baruch korman blog

“Walk in the Light”

In this week’s Torah portion, a list of various vessels for the tabernacle is presented. One such vessel which has become associated with Israel, perhaps more than the others, is the Menorah. According to one Jewish tradition the Menorah represents illumination.  In other words, the Menorah reminds Israel that worship is a response of man coming in contact with revelation from God. From this perspective one can derive that worship is not for those who do not know the Lord; but rather, a response to divine revelation within a covenantal relationship with Him.

One reads in the Parasha,

“…for the six branches that go forth from the Menorah.” Exodus 25:35

Nothing in the Scripture is based upon mere chance; therefore one must ask the question why the Menorah has six branches? In Hebrew numerology the number six relates to grace. Hence man, who is depraved, has no chance of turning to God by himself. First and foremost man is in need of revelation. The sovereign God is under no obligation to provide revelation to man. When the Lord does provide revelation it is an outcome of His grace. There are two forms of revelation: Natural revelation and special revelation.  Natural revelation involves such things as creation; whereas special revelation speaks to such things as Scripture, a believer’s testimony, and miracles (such as the Lord speaking directly to one’s heart).

Man, who is lost in his sin, and devoid of God, if he should come in contact with revelation, he can use such revelation to arrive at the conclusion that God exists, that God is a God of order, and that he is separated from God. However, it is only through special revelation that man can fall under conviction of sin and repent. In order for salvation to be the outcome of such repentance, the Gospel must be heard and received.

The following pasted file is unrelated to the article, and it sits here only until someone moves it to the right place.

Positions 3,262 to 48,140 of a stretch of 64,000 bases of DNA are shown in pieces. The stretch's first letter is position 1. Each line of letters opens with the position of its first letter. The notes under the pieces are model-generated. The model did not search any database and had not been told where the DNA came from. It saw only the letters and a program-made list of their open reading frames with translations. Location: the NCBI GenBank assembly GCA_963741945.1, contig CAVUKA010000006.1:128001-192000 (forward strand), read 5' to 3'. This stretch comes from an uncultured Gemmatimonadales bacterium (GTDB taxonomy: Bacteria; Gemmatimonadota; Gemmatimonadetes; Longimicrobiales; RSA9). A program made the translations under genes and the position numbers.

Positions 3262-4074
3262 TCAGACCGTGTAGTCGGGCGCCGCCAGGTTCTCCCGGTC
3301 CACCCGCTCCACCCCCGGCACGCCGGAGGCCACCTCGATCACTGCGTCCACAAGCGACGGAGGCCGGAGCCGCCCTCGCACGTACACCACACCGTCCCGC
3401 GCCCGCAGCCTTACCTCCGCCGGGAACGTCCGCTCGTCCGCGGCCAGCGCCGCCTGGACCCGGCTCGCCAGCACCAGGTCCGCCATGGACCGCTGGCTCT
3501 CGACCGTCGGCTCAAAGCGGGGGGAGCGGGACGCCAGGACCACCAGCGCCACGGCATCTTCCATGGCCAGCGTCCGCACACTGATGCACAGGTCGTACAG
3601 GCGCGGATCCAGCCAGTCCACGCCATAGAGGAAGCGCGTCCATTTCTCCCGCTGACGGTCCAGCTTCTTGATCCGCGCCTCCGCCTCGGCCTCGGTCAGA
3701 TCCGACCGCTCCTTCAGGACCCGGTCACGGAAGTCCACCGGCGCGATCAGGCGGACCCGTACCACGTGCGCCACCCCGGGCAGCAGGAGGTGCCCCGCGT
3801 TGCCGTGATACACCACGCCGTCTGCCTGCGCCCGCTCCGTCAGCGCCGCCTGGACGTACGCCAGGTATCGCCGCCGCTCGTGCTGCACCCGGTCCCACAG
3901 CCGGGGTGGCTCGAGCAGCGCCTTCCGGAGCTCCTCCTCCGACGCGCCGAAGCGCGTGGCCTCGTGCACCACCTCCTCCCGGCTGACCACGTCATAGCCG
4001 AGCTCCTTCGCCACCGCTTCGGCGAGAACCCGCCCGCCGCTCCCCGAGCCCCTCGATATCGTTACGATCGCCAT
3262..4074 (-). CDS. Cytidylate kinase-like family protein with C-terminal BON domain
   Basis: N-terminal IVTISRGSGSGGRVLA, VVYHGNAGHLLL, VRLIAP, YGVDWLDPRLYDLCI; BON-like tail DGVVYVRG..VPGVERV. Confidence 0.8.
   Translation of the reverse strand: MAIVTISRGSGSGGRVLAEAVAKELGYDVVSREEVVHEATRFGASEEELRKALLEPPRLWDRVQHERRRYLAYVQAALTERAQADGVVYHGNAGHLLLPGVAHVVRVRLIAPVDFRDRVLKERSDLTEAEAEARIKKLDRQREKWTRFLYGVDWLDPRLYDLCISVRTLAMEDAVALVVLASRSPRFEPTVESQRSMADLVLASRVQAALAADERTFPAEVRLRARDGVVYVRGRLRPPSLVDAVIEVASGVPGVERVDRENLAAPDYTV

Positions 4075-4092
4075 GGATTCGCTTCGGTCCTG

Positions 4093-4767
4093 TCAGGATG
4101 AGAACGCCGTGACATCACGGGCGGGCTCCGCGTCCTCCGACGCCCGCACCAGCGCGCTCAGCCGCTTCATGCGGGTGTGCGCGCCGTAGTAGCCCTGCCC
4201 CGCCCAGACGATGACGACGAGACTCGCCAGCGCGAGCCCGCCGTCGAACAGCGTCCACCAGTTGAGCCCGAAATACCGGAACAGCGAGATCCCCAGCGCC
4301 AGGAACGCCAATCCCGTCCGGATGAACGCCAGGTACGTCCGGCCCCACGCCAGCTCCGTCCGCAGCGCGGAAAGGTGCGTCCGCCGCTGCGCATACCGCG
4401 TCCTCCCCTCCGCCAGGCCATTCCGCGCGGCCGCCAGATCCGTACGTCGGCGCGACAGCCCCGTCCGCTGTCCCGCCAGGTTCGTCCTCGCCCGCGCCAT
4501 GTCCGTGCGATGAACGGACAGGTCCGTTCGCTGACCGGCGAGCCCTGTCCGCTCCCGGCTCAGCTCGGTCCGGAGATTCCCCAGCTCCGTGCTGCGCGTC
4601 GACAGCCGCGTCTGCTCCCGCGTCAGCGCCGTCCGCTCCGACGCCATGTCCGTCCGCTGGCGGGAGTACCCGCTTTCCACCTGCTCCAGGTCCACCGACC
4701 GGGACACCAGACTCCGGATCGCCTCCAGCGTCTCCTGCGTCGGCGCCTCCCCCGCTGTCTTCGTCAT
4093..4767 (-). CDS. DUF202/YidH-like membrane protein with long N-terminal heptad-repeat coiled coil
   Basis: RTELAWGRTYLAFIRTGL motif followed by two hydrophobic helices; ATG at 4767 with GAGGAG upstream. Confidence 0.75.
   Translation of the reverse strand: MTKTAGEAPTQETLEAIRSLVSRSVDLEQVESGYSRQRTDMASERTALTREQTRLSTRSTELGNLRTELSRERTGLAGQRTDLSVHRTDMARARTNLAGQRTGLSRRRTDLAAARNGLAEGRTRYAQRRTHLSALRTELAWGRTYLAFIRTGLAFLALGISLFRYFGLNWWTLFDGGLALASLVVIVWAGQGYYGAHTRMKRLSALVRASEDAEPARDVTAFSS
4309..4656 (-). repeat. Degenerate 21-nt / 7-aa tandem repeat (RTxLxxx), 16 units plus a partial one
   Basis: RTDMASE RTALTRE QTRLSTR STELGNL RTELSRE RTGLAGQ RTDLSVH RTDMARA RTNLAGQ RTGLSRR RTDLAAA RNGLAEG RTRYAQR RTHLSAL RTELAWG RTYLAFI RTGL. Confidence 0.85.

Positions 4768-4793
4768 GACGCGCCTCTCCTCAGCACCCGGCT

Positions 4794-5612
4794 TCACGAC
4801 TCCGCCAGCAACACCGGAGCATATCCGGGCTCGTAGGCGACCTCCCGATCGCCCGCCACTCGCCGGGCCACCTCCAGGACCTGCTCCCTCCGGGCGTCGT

How should one understand a man’s response to the Gospel? A man’s response to the Gospel should never be understood as a work or as part of the means of salvation. God provides everything to man so he can be saved.  This means that when someone receives the Gospel, this recipient is not an object of praise, rather only God is worthy of praise. Nevertheless, one’s response is necessary.

There are those who argue that even the response of man is a work of God. For the Scripture states,

“No one is able to come to Me unless the Father, Who has sent Me, should draw him…”  John 6:44

“And He said, ‘On account of this, I have said to you, that no man is able to come to Me, except the one who has been given to him from My Father.’”  John 6:65

The point of distinction is that although the Lord must enable one, such an enabling does not force an individual to the point that God’s grace and work in him is irresistible.  When dealing with theological issues, the danger is to over emphasize some verses while ignoring other verses altogether. Such as Revelation 3:20,

“Here am I, I stand at the door and knock. If anyone should hear My voice and should open the door, I will come in and dine with him and him with Me.”

It is clear from this verse that there is an influence (revelation) from Messiah upon the individual, but it is the responsibility of the recipient to respond to this revelation. The fact that the subjunctive mood is used in this verse (the verbs “should hear” and “should open”) demonstrates the element of free will. The subjunctive mood is the mood of possibility, hence there is a real possibility that the one being offered revelation can hear (often the word” hear” in the Biblical language carries with it the meaning “to obey”) and open the door to Yeshua. The Subjunctive mood is also related to “condition”. Hence Yeshua is providing the individual a promise which is conditional on his response.

The point that the Lord is the Author and Finisher of our faith does not mean that man has no role in the salvation experience. Yes the work of salvation solely belongs to God, yet in order that salvation occurs in the life of an individual, he must surrender to the Lord’s work.

I find it without foundation in the Scripture for one to decry that if one must respond to God’s grace, then salvation becomes a work of man and is now dependent partly on man. Such a claim is like one who owes a million dollars and does not have one cent to pay towards the debt claiming that he contributed to the payment of his debt because he agreed to allow another to pay in full the million dollars.

In conclusion, when one sees the Menorah, let us remember the Grace of God which He offers to all who would hear His voice.

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